by Brendan Mooney, Registered Psychologist BPsySci (Hons) AmusA, Australia
In recent weeks, there have been a number of articles written by the media in relation to women and Universal Medicine. These have contained misinformation and uninformed opinion. It is clear that little research was undertaken in their production. As a man reading these articles, the treatment of women has been no less than absolutely appalling.
Universal Medicine has been described as a ‘cult’ with ‘up to 1000, mainly female’ ‘brainwashed’ ‘devotees’. Although the term ‘cult’ is used, the articles do not provide any evidence to the claim. There are no interviews of the women themselves, or printing of their stories. Instead, the information contained in these articles comes from a very small number of disgruntled members of the public, mainly men. Is it possible that this is a smear campaign and these opinions do not represent the majority who have attended the courses presented by Universal Medicine?
Working as a Psychologist, the term ‘cult’ carries heavy stigma for those involved and this term should never be used carelessly or when there is no evidence to justify this claim. Can you imagine how you would feel if you were labeled a ‘brainwashed’ ‘devotee’ to a ‘cult’ without any evidence being offered? These types of unsubstantiated claims can have extensive negative ramifications not only for the women but for their families too. Many women have young children who will now go to school amidst accusations that their mothers (and fathers) are involved in a ‘cult’. The treatment of women by the media in this way is utterly irresponsible to the truth they are otherwise supposed to report, as outlined in their journalist Code of Ethics.
Most media journalists belong to the Australian Journalists Association (AJA), and members are required to follow the AJA Code of Ethics. This code states a ‘respect for truth’ outlining that ‘members engaged in journalism commit themselves to honesty, fairness, independence and respect for the rights of others’. Specifically, the code states ‘report and interpret honestly, striving for accuracy, fairness and disclosure of all essential facts. Do not suppress relevant available facts, or give distorting emphasis. Do your utmost to give a fair opportunity for reply’. The articles from the media have clearly breached this code, as fairness in the disclosure of all essential facts, namely information from the women themselves, has not been included. Even though it is a core responsibility of all journalists, a fair opportunity for reply has been rejected despite requests from the women themselves to be interviewed. As a result, what the reader receives is a completely distorted story denigrating women everywhere from all walks of life. Where is the common decency of the media here?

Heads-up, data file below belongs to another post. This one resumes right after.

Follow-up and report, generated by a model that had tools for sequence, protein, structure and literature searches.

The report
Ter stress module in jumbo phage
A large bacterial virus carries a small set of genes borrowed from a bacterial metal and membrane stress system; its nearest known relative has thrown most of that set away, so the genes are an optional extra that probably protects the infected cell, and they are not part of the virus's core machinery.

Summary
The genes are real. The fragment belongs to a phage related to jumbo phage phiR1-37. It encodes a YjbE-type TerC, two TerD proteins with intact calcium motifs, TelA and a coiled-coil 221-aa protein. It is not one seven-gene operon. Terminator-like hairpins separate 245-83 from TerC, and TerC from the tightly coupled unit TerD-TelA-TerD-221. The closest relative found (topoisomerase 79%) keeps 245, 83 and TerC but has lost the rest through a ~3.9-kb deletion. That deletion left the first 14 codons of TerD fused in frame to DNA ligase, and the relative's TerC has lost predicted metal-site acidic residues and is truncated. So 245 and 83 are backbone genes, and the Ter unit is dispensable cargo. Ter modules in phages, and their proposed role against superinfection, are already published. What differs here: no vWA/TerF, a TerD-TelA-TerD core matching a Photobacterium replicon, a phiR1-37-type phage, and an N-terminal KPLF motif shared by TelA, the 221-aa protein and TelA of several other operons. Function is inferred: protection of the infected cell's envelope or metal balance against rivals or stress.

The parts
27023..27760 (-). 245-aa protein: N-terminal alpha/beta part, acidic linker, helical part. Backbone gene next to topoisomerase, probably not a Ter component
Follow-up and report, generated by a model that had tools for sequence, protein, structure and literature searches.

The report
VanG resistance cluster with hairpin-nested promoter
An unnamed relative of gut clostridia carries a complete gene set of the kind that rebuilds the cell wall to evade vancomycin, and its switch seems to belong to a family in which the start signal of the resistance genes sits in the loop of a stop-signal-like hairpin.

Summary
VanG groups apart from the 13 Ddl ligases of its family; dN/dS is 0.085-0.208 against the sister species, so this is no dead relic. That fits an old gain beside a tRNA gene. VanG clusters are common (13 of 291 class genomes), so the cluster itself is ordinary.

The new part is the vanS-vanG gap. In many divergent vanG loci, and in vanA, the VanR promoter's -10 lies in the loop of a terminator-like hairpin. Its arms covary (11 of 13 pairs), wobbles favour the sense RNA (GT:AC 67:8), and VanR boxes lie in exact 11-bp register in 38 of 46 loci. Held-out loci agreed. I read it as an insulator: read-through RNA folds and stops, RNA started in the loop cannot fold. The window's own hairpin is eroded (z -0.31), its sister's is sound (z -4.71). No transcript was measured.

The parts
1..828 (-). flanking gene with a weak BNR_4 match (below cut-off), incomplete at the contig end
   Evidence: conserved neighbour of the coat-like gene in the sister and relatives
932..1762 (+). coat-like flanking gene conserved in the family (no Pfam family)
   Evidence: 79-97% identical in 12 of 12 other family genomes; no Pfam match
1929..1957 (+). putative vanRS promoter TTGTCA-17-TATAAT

In attending a Universal Medicine event, an attendee enrols in a course and pays for it in the same way as other educational institutions. There are no recruiting methods used by Universal Medicine, no recurring fees, and no requirement to commit to attend all or even some of the events. However, none of this information has been reported in the media articles which would otherwise allow a reader to be more informed in making up their own mind.
If these women were interviewed and their stories told, society would have the opportunity to see how gentle, loving and deeply considerate these women are to themselves and others. These women honour what they truly feel and do not put up with abuse from others, whether within a relationship or in general. They go to bed early, exercise, eat a healthy diet and do not abuse their bodies with alcohol or drugs. You do not need any qualifications to know that going to bed early is good for you, and yet how many women in society actually do this consistently?